If you are about to start barber college, you are probably excited about your new career. But unless you currently apprenticing with a barber, you might be concerned about landing a job when you graduate and get your license. Although there is always a demand for barbers, you might be a bit anxious about that delay between graduation and your first job in a new field. Here are some things you can do to help get that first barbering job.
Learn all you can.
Let go of your preconceived notion of what barbers do and master everything that barber school has to offer. Your own experiences with barbers may have led you to believe that they do most of their cuts with clippers or that they only cater to conservative businessmen. Most barber schools teach scissor and razor cuts, color treatments, straight razor shaving, skin care and chemical processes like perms and straightening. However, some schools also provide training in women's hair, hair of different ethnicities and nail care. These may not be the most asked-for barber services, but being wiling and able to do them gives you an advantage and makes you more employable.
Learn one technique in depth.
While it's good to broaden your horizons and develop a variety of skills, it's also helpful to have a specialty. If you can develop expertise in a particular technique such as straight razor shaving or clipping the perfect fade, you'll have a great selling point during job interviews.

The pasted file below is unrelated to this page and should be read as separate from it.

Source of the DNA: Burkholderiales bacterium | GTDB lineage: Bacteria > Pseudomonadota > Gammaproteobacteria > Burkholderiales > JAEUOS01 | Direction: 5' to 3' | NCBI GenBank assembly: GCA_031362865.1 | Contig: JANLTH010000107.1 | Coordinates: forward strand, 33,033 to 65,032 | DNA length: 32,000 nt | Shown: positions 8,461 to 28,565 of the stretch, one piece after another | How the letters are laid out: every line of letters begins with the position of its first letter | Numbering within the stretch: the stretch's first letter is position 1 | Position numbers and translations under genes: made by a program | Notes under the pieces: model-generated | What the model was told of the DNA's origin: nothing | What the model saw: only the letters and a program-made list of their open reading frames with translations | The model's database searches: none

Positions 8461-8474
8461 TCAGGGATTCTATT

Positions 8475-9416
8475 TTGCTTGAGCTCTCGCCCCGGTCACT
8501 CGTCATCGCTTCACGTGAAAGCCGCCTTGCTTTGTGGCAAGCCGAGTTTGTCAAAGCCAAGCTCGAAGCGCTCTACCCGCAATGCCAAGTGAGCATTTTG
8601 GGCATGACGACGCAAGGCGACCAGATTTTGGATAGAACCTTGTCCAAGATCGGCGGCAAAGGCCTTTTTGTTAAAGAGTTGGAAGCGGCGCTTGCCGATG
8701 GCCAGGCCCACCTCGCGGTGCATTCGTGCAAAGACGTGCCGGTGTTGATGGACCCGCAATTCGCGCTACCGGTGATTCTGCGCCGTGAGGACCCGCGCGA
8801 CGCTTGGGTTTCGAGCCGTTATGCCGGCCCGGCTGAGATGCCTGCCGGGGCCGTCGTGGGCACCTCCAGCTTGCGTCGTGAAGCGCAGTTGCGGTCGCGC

Focus on a clientele.
Popular services, haircuts and styles are determined by the clientele in the barber shop's location. If you want to work downtown in a major city, you'll need to know how to style conservative business people like lawyers, bankers and politicians. If you want to work in a younger, hipper area, you'll need to know how to style longer hair and beards and be up on current trends. In addition to what you learn in barber school, keep current with the styles in your chosen demographic. You'll have a better chance of getting a job when you can cater to the shop's customers.
Invest in tools.
Your barber school tuition will most likely include a starter set of scissors, combs and clippers. However, you'll probably have the opportunity to try different brands as you go through school. When you find a pair of shears that you love and are easy to work with, or a razor that feels "just so" in your hand and is a joy to use, don't hesitate to upgrade. Quality barber tools will last for decades and are an investment in your career. Having your own quality tools shows your dedication to the barbering trade and can give you an edge over less-prepared applicants.
Start your job search early.
You don't need to wait until graduation to start your job search. Even before you are fully licensed, you can still work with a barber or stylist to apply what you learn in school to the real world. You won't be able to do everything they do, but you will build professional connections that can help you in future job searches or if you ever open your own shop.
Even though there is always a need for barbers, it doesn't mean you won't have competition for jobs. These are just a few of the ways you can get an edge over your competition and increase your chances of getting that first job. Master your skills, be prepared and don't forget to keep your own hair perfectly cut and styled when you finally get that interview.